There is a definite break-over point in any flowing stream which is a function of fluid viscosity, velocity, and conduit roughness where fluid goes from 'laminar flow' with a very large boundary layer where there is no turbulence to the desired full turbulent flow which nearly eliminates the boundary layer. In the former case, gasoline will tend to condense and drop out of the stream causing many problems so it is good practice to design the intake runners with significant roughness.

Incidentally, this is why golf balls are designed with the rough surface - by breaking up the boundary layer of air flowing over it's surface, the ball will fly significantly farther than a smooth ball. This drag or resistance to flow by very smooth surfaces can be overcome with aerodynamic design which is why airplanes and race cars can be smooth and go fast but for shapes that can't be designed that way like golf balls, rough surfaces are preferred.
 

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Max and willys,

You are missing his point. On a MPEFI intake there is no fuel in the intake. Fuel is injected at the head entry point. So, intake port finish is not needed to keep fuel suspended. Only in the head is this an issue.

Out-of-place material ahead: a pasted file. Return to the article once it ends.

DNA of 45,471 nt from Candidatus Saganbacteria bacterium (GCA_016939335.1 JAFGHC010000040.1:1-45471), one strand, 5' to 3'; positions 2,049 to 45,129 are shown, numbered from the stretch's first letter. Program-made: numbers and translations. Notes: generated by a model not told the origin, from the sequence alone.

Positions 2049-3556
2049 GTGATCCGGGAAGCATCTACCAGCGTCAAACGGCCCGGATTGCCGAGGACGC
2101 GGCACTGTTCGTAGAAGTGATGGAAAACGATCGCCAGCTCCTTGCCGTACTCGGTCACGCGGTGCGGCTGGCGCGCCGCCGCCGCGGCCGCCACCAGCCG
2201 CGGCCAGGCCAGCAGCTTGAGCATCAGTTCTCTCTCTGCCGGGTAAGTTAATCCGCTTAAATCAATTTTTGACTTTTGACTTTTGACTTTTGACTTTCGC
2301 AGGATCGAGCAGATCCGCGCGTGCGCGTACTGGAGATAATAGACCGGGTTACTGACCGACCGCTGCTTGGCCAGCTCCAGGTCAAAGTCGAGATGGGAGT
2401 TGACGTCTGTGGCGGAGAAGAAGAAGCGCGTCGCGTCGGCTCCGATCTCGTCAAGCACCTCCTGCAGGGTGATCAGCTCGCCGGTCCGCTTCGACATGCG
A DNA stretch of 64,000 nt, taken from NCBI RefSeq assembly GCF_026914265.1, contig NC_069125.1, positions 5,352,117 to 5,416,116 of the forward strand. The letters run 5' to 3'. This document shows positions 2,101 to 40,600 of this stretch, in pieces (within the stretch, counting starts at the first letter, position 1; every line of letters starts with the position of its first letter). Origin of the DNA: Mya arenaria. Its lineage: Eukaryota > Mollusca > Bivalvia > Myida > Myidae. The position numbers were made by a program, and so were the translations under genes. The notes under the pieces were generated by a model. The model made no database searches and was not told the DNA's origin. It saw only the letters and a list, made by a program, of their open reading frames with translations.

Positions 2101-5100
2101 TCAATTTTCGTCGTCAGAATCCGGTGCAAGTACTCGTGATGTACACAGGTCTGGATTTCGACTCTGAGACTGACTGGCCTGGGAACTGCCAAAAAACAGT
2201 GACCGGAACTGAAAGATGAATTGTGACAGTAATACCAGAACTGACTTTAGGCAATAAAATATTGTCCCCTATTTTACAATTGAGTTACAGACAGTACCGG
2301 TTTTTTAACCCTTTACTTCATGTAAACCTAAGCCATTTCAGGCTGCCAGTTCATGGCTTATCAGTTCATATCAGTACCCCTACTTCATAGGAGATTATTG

Chris
 

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TurboS10 said:
Max and willys,

You are missing his point. On a MPEFI intake there is no fuel in the intake. Fuel is injected at the head entry point. So, intake port finish is not needed to keep fuel suspended. Only in the head is this an issue.

Chris
Hmm . . . I recall the initial question was about an Edelbrock RPM air-gap manifold which I though was a carburetor application. Correct me if I am wrong.
 

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Race it, Don't rice it!
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Willy, Some circle trackers of old are stilll doing this to there exhaust manifolds or those bound by rules with stock two barral intakes, steel heads, No porting is often a rule to help keep cost's down. Everyone knows rules just drive up the prices of power, leaving the poor man to suffer against a team with money. I currently know no one who does, for I've never asked for it. But I do know its still around.
 

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EXTRUDE HONE

Willys, the method was called extrude hone, and I think an abrasive clay like media was used.

I've done something similar to this before, which is kind of an extreme sand blasting operation. High air pressure and some fairly rough sand ran though a port for a period of time.

I've even finished hand port jobs with fine white silica sand, and it really smooths the work out.

The rougher sand does more "removal" , and the finer sand leaves a cleaner finish. I usually do this after hand porting, because the effectiveness works better on iron that has already had the factory porous cast removed.

It will surprise you how much you can change the port by doing this. Does it help? I think it does to a small degree. After all, if you are blasting sand suspended with air through a passage, the airflow through it is similar to air/fuel mixure passing through the port on a live engine.
I like the asthetics of my work after blasting it, but that's more fit and finsh than anything else.

Alot of racing rules prohibit this practice as well as acid porting